Mining in the Tamar Valley

Conservation of nationally significant mining sites

Since 2021 we’ve been surveying four former mining sites in the Tamar Valley. All of the sites are protected as Scheduled Monuments and, at the time of writing, were still recorded on the Historic England Heritage at Risk Register. Our aim? To prepare updated assessments of their condition, along with a prioritised conservation plan, to help arrest their declining condition.

Tamar Valley Mining sites © Cotswold Archaeology
Banks of the Tamar at North Hooe Silver Mine

The sites include Gunnislake Clitters, New Consols Mine, Luckett, and Holmbush Mine, all on the Cornish side of the Tamar, as well as Gawton Mine, which is on the eastern banks, in Devon. These mines were mainly in use during the second half of the 19th century, when, at first, the principal focus was on copper and tin mining. However, as these valuable metal ores were mined out, there was an increased emphasis on arsenic production, which became increasingly profitable as the century progressed. 

Tamar Valley Mining sites: Arsenic
Example of arsenic

Refined arsenic was produced by roasting the arsenic containing ores on a rotating hearth, in what was effectively a large oven, called a calciner. The resulting hot vapours were then drawn along connecting flues, some up to 500m long, before being dispelled through a chimney, often situated upslope away from people, to avoid poisoning mine workers and local villagers. At Gawton Mine, the original chimney had to be relocated a greater distant up the valley side, as noxious vapors had been making children at the nearby school very ill. Within the flues, as the vapour cooled, arsenic crystals precipitated onto the walls and at collection chambers or ‘winding labyrinths’ situated along the flue’s length, before reaching the chimney. Shockingly to us nowadays, the arsenic residues were usually scraped from the walls and collected by young children, who were small enough to readily enter these confined spaces.  

As might be imagined, arsenic and heavy metal contamination remains a serious health and safety consideration when managing the conservation of these mining sites. In places, these residues are still evident, particularly on the interior surviving walls of calciners, flues, and other buildings associated with the refining and storage of arsenic.  

Two of a Row of Six Calciners at New Consols
Two of a Row of Six Calciners at New Consols mine

Across the mines a range of structures and still features survive. These include engine and boiler houses, calciners, flues, storage buildings, reservoirs, smithies, mine Captain’s houses, processing floors, spoil heaps, and administrative buildings, as well as crushing and grinding houses which were the first stage in breaking down the mined ore for processing. It was the job of the engine houses to supply energy for the mine, keep the underground workings clear of water, and raise mined ore to the surface. They also powered the crusher houses and the numerous tramways used to transport materials around a site.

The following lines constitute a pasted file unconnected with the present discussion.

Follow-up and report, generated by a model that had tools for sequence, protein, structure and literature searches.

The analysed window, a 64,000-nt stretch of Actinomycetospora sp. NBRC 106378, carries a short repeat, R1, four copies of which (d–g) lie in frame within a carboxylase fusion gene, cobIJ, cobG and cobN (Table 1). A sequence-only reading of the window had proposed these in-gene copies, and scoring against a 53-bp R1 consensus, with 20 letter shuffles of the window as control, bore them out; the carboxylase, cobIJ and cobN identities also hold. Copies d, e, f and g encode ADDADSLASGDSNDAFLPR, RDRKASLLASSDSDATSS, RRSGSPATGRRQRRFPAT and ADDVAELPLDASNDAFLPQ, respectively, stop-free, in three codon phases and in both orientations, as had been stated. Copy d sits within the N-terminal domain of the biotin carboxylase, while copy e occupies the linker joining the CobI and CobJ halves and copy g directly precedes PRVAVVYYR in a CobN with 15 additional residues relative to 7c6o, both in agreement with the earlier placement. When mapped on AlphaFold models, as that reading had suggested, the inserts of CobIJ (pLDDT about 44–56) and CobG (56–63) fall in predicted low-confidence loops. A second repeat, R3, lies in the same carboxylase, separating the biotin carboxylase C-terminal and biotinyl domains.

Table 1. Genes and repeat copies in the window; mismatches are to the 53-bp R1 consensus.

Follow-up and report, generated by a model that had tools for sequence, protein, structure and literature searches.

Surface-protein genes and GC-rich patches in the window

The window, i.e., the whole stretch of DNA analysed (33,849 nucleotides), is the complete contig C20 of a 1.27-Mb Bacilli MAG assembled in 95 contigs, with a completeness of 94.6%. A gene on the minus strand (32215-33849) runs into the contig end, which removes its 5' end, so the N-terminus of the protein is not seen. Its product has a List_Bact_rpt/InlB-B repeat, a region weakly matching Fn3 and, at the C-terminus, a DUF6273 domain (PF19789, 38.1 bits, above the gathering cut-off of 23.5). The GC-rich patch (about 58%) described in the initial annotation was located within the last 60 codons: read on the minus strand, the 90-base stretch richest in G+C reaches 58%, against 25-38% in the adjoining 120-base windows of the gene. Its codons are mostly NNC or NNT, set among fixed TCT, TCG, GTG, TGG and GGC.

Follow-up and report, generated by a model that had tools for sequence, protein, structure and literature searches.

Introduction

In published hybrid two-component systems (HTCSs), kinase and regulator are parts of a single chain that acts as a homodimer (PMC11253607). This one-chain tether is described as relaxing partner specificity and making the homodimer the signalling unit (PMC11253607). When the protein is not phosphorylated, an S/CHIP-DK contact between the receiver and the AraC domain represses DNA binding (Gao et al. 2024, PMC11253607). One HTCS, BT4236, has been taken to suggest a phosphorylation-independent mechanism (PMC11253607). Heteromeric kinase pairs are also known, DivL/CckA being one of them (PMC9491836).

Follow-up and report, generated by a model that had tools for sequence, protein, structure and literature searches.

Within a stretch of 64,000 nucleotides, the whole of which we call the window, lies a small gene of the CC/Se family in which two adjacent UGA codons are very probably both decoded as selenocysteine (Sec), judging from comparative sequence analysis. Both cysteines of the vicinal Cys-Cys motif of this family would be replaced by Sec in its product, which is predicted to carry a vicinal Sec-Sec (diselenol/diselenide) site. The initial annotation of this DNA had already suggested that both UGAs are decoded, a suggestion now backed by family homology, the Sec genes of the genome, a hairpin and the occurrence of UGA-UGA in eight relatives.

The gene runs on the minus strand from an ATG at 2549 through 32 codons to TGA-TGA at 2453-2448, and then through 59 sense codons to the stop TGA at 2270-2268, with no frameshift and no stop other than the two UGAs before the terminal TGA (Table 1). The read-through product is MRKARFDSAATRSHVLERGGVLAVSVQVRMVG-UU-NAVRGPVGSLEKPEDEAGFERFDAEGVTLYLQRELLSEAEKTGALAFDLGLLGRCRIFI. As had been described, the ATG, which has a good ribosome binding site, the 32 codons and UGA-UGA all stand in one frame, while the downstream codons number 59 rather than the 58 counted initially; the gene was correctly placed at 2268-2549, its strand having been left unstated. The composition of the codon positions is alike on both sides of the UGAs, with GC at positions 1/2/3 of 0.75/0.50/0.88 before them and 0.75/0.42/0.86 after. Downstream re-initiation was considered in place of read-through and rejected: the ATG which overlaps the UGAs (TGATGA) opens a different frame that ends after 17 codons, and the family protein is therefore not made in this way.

The Arsenic Chimney at Gawton, which has a slight bend, off vertical,  at the top!
The Arsenic Chimney at Gawton, which has a slight bend, off vertical, at the top!

The different buildings survive in a variety of ruinous conditions but, in truth, most are in desperate need of conservation, having been enveloped within the mixed woodland that, during the 20th century, has once again gained ascendancy on the slopes of the Tamar. Crusher and grinder houses are at particular risk, as the vibrations associated with the operation of heavy crushing and grinding equipment necessitated a greater use of wood in the building’s construction. Needless to say, the wood has survived less well than other masonry elements, increasing the general level of dilapidation.

As part of our surveys we’ve called on the expertise of both ecological and structural surveyors – it’s been a priority to weave together archaeological and ecological objectives, and to optimise the potential for enhancing the natural environment of the sites through sympathetic management.

Drone and photogrammetry surveys have provided a detailed visual record, at a snapshot in time, and enabled the creation of 3D models of the most complete and important surviving structures. The comparison of this photographic and video record with future surveys will help us to track how the monuments are coping with the passage of time, and see where conservation works have helped prevent, or at least to slow, their decline. If you’re interested, these models are feely available to view on Sketchfab, just follow these links for each mine: Gunnislake Clitters, New Consols, Holmbush, and Gawton Mine.

Model of the riverside engine house at Gunnislake Clitters

Moving forward, it’s hoped that these nationally significant sites can secure the necessary funding to implement the proposed management recommendations, and that they can be consolidated for future generations to appreciate. Although, as might be imagined, the costs for carrying out what are often extensive structural repairs, in quite remote and difficult locations, can be eye watering.

Clive Meaton
Senior Heritage Consultant

This work was commissioned by Tamara Landscape Partnership, who are funded by the National Lottery Heritage Fund, along with supporting grants from Historic England. The work forms part of a wider Monument Management Scheme for capital works and enhanced management within the Tamar Valley for Scheduled Monuments.

A video explaining more about the work and objectives of the Tamara Landscape Partnership can be found at:  

Looking across the Tamar from a spoil heap at Gawton, seeing how woodland has reclaimed the valley slopes
Looking across the Tamar from a spoil heap at Gawton, seeing how woodland has reclaimed the valley slopes
Share this!